In a case such as this, the judiciary becomes a candidate to act as the midwife, or the authority to lead the country forwards, but unfortunately there has been another complication hindering the process of emerging from the dark tunnel. There are all types of courts in Egypt; constitutional, administrative, ordinary and special, and hence conflicting and contradictory sentences have been issued. Some courts have begun to enter into conflict with the parliament, which is already at odds with the Supreme Council of the Armed Forces [SCAF], which in turn is determined to conduct the presidential elections and then leave the country in the hands of the civilians.

Perhaps the judiciary could still have played a leading role if the pain was confined to all that has been mentioned above, but one cannot ignore that the Supreme Constitutional Court is still dealing with two highly significant powder kegs: the first relates to the political isolation law, and by extension whether Ahmed Shafiq will continue in the presidential race or not, and if he continues the pain will be eased and the elections will be held, and if not the matter will return once again to the High Election Commission that will decide the next, undoubtedly more complicated, step. The second issue relates to dissolving the parliament, its constitutionality, legitimacy and existence. If the Supreme Constitutional Court decides to dissolve parliament, we will be faced with an arena filled with more screaming than anybody could handle, and if it decides to allow the parliament to continue then this is an indication of hope, particularly as the parliament has been active recently and has begun to make preparations for the constituent assembly.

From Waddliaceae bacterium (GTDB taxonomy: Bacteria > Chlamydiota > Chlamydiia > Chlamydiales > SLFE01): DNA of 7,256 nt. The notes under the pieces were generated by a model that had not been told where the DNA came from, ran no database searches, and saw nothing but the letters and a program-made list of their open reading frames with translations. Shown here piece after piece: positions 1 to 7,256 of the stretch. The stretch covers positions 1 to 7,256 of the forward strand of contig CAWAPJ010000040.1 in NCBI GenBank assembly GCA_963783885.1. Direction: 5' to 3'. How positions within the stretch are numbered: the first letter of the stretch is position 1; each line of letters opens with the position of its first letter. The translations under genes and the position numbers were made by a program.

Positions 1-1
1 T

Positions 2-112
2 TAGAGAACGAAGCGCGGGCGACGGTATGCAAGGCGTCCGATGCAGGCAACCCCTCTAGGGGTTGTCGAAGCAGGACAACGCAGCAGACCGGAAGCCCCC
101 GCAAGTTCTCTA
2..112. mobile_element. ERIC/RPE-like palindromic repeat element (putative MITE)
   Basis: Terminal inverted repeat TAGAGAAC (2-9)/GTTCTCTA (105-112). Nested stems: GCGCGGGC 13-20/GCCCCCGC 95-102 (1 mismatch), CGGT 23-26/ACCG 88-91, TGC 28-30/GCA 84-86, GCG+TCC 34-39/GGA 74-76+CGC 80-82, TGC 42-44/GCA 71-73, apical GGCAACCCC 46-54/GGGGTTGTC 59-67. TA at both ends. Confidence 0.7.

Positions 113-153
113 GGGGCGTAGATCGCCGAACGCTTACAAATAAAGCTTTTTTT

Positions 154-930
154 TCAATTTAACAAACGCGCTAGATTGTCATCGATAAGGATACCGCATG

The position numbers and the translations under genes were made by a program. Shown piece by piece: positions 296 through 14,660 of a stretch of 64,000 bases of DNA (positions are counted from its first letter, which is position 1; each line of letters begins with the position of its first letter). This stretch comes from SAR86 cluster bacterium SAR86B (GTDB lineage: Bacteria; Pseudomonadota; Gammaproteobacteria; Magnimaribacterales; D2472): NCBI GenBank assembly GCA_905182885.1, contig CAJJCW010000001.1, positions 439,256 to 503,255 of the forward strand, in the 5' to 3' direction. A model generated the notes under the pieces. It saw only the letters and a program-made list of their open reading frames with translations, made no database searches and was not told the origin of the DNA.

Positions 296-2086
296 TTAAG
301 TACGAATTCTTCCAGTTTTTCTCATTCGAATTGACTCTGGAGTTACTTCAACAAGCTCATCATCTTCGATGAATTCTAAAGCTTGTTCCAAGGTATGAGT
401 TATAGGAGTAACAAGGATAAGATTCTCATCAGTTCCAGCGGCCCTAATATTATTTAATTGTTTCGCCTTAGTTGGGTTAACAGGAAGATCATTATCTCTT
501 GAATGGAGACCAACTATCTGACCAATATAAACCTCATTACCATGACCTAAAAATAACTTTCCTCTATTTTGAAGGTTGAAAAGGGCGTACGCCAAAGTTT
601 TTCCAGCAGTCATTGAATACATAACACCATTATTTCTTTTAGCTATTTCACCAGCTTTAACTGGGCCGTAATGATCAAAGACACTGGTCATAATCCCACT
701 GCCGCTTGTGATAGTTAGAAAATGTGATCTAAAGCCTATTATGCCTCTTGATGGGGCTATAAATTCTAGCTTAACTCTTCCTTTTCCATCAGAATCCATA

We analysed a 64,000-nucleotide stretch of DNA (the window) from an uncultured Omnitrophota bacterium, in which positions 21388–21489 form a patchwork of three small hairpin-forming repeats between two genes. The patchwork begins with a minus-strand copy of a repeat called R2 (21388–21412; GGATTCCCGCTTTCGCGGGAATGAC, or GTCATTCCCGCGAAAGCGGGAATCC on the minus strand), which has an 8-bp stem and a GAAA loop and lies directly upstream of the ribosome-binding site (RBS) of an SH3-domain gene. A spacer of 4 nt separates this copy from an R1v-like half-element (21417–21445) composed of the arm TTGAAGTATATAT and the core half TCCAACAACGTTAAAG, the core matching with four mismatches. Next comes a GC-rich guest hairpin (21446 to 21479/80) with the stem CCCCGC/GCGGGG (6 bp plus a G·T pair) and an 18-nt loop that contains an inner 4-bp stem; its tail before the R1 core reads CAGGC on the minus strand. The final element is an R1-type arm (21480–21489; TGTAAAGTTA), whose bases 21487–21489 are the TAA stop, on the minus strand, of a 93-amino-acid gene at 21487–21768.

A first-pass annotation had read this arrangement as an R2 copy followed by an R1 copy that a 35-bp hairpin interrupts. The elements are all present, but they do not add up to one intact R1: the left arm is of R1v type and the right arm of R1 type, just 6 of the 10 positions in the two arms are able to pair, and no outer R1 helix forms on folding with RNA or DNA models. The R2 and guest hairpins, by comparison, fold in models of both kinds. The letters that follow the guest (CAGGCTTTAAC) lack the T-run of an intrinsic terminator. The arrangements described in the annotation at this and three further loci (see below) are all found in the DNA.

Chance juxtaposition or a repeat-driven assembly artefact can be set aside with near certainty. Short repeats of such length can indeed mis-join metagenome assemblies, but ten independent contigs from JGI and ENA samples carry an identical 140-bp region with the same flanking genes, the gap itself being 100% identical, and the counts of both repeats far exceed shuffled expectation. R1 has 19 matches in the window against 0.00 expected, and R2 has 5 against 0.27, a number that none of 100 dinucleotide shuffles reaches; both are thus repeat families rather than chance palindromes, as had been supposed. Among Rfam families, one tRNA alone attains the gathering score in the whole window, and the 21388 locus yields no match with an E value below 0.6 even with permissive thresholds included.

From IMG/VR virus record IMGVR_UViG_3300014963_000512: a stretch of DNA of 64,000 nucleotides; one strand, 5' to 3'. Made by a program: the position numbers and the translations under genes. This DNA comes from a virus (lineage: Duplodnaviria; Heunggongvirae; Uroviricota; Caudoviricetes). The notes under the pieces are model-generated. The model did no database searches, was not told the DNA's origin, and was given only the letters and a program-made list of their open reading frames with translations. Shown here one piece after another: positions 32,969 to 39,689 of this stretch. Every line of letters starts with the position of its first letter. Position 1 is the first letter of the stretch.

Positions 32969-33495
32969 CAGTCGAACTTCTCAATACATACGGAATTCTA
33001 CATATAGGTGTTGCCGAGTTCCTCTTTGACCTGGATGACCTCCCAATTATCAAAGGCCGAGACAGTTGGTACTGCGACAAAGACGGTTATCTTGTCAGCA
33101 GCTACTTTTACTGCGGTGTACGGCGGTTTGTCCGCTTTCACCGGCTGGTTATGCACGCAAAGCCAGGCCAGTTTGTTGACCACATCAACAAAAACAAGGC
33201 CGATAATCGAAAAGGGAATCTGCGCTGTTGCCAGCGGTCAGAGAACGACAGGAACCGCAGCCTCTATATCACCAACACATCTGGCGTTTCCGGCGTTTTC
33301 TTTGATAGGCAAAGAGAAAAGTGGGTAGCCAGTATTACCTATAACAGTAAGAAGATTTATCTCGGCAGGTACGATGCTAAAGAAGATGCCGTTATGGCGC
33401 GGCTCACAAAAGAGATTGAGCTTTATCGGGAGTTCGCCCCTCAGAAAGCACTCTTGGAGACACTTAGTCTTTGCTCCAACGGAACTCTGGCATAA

Let us examine the picture. First there were demonstrations calling for the overthrow of the military regime, which will go in any case in a few days’ time, and then we saw demonstrations demanding the application of the political isolation law, which is now in the hands of the Supreme Constitutional Court. All this is happening while the election campaign continues and propaganda is well underway, as if nothing can stop the march of democracy in Egypt! The picture is complicated and painful at the same time, especially as it is intertwined with a tragic scene that may seem marginal, but which sometimes imposes itself at the heart of the picture, namely the case of the former President Hosni Mubarak. He has been overwhelmed by his prison sentence and his health has deteriorated, and now the Egyptian people don’t know how to feel about the last of the Pharaohs! But we will not be able to truly answer whether this man in prison will actually be the last of the Pharaohs, or whether difficulties in the birth of the new Egypt will create another one.

There are fears over Egypt’s democracy project, the traditions of thousands of years cannot be easily forgotten, and the presence of wise voices is rare. The only hope is that Egypt has been through this phase before, as legislative elections took place amidst the Mohammed Mahmoud street demonstrations, the Council of Ministers controversy and the “Maspero” incident, yet despite all this parliament was elected and ran its course. This time will probably be no different, and perhaps this is the nature of politics in the Arab and Egyptian manner. Or perhaps democracy is always difficult at first, and afterwards the situation corrects itself and the balance is restored. We know there will be great pain until the formation of the constituent assembly, but it seems that the road ahead is passable, so why should we doubt the presidential election? We must hope that Egypt, the mother and the baby, come through safely!